mulberryshoots

"Tell me, what is it you plan to do with your one wild and precious life?" ~ Mary Oliver

Tag: American Dream

“Stoner” . . .

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“Stoner” is the name of a novel (1965) by a writer named John Williams who taught English literature at University of Denver and who is not very well known among the pantheon of famous novelists. It came to my attention by reading a review of it in last Sunday’s New York Times which you can read for yourself here.

It arrived via my Amazon Prime account and I’m almost finished reading it. As noted in the review, it’s the life story of a man named William Stoner who teaches English literature at the University of Missouri and what happens in his life. What is engaging about reading and thinking about it is that some people in our culture would ask why it’s worth spending time reading about a “loser.” While others see it as a “perfect novel” about an ordinary person’s life, illuminating for readers that things do not always end up well and people do not always end up living “happily ever after” as our Walt Disney culture is wont to press upon us.

In fact, it is this counter-culture kind of attitude and tone that I relished reading about in this handbook of a novel. The writer describes the excruciating viciousness of academia politics which many know firsthand and which illustrates how petty people can be about power. Undoubtedly, these struggles occur everyday in politics everywhere and even in small town civic groups of volunteers which I have some knowledge about myself.

William Stoner was fortunate. He was able to pursue his love of English and literature and make it into a lifelong profession rather than being forced to be a farmer living out a hardscrabble life like his father’s. He loved his wife even though she turned her back on him shortly after they married, keeping his only daughter from being close to him. He cleaned the house, took care of the baby, did the chores and prepared his lessons. His spouse chose to be distant from him while living off him until he died.

He also loved and was truly loved by someone other than his wife. They had a brief time together, one of personal integrity, a triumph over the odds of people bent on destroying them because they were happy. He was full of dogged fortitude in standing up for his beliefs even when it inured his enemy to become even more vindictive than thought possible over a long period of time. And then he dies.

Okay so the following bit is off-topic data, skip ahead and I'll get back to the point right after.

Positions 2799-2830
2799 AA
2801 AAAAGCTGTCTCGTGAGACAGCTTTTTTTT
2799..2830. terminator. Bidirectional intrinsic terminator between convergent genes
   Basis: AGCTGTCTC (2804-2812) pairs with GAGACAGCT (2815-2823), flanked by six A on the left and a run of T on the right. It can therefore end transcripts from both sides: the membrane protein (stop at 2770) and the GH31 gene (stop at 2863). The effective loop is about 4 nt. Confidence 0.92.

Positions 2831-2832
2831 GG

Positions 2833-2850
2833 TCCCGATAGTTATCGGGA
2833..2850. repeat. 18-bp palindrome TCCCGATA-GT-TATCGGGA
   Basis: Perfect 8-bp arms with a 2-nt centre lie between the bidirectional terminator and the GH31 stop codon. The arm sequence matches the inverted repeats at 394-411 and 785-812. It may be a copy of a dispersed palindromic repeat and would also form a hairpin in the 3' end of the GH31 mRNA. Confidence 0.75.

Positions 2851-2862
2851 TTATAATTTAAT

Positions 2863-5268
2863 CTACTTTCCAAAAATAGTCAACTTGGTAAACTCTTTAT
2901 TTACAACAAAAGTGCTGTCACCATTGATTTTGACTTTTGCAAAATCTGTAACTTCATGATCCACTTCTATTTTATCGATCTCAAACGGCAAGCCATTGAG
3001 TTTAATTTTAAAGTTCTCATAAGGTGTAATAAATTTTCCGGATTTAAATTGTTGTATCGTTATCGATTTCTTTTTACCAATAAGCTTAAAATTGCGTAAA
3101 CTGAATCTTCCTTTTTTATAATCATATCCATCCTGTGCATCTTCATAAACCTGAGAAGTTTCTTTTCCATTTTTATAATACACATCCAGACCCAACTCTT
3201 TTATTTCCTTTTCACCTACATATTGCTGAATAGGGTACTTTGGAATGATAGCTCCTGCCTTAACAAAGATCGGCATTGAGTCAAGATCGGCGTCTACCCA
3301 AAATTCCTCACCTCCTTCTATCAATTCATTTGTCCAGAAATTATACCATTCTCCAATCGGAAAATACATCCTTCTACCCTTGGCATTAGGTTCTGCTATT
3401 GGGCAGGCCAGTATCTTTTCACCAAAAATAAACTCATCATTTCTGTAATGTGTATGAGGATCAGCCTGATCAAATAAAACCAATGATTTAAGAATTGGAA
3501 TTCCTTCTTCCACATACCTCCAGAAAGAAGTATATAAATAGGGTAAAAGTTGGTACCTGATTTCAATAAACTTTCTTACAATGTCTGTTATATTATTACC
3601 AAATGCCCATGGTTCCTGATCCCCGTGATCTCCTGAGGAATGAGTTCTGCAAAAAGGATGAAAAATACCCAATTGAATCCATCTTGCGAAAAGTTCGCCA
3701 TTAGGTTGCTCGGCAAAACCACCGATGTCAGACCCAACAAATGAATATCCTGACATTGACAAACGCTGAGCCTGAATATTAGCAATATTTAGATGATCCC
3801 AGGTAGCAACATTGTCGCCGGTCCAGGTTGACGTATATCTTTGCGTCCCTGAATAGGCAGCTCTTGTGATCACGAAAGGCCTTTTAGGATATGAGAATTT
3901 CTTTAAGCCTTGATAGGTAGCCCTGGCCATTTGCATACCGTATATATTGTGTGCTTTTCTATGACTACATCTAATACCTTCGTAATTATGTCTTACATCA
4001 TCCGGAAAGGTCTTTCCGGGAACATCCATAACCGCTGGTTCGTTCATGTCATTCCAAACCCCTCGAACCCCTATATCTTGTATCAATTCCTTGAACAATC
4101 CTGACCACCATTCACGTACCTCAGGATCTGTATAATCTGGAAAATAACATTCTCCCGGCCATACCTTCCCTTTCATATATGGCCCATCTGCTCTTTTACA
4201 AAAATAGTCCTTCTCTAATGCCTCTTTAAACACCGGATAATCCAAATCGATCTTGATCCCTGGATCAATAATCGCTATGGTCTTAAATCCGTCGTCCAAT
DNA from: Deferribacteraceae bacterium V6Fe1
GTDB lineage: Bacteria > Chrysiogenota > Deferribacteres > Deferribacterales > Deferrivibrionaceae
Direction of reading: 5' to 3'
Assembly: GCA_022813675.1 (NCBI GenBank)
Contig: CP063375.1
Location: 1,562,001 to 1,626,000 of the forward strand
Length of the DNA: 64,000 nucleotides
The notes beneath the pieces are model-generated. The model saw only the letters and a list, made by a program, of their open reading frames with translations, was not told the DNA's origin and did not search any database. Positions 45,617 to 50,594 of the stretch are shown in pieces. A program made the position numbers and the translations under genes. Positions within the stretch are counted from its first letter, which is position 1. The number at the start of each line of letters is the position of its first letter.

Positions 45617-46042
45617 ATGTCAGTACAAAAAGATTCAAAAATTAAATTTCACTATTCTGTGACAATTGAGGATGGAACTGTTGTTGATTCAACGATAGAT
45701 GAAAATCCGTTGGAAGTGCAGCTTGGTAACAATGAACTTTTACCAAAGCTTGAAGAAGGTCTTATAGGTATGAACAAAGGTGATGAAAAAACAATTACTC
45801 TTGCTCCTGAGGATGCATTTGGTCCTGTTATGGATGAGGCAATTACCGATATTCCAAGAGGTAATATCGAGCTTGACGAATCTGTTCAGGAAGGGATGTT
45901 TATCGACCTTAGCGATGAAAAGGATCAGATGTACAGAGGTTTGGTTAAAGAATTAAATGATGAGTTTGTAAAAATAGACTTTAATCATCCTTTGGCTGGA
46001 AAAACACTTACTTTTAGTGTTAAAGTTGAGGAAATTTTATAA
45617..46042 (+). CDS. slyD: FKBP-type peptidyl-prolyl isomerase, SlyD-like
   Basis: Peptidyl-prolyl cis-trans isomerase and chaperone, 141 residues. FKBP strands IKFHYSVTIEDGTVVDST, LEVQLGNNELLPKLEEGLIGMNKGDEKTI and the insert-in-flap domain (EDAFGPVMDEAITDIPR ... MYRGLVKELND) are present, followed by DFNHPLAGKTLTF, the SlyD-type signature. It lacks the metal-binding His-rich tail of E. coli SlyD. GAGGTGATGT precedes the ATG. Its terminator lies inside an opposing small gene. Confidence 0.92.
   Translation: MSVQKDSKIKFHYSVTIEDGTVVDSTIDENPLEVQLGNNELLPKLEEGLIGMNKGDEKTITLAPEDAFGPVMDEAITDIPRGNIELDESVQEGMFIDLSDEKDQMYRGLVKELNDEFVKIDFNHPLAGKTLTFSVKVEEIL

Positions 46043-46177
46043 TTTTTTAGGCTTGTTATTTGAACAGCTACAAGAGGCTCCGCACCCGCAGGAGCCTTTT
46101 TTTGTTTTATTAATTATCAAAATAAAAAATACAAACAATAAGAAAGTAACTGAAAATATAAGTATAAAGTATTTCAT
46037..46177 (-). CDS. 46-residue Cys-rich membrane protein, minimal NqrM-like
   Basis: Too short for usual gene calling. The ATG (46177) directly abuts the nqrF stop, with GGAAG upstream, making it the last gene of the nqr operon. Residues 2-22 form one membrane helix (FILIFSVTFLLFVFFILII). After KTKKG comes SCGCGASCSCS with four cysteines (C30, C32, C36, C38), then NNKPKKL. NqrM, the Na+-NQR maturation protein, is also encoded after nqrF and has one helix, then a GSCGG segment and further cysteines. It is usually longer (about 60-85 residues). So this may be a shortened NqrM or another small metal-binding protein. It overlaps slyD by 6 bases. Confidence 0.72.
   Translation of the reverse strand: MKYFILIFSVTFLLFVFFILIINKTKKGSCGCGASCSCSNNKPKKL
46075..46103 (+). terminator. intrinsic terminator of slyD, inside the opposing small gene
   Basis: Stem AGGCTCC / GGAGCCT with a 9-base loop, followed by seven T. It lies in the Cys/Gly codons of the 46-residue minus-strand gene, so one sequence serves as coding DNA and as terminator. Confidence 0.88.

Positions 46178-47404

Many of us subscribe to the “happily ever after” model of the American Dream. We think that if we only hope and work hard towards our dreams that eventually they will come true. Along the way are pitfalls, things that happen that become water under the dam that we don’t speak about and sooner or later, we look back to see if we feel good about how our life turned out or not.

If we have been lucky, we will accept what we see in the dry way that William Stoner did. He realized when things did not turn out the way he wanted them to and he kept going. Most of all, he did what he really wanted to do–which was to be a teacher even if he was not the most popular or highly regarded professor. And he was deeply loved by another person even if they were not able to be together for very long.

Life is full of people who take a dislike to us for reasons we don’t understand. It also introduces us to people who love us even when we are difficult to get along with. When I look around at the people who struggle to make ends meet and who look to find some solace in their everyday schedules, I wonder about how many stories like “Stoner” there are or might have been.

If you want to ruminate about what life is all about, you wouldn’t do badly to pick up this book at the library or read it on an airplane when you’re on your way from here to there.

 

‘prime’. . .

K & G

I came across this photograph a little awhile ago and was struck by how relaxed and happy G. and I looked when we first met. A lot of water has gone under the bridge since then.

It occurred to me to say that we were in our prime then. I headed up strategic and operational planning at a biotech start-up company in Central Massachusetts at the time. G. expanded his piano business to mostly Steinway and Mason-Hamlin grand pianos from restored antique uprights while continuing to service academic institutions in the area.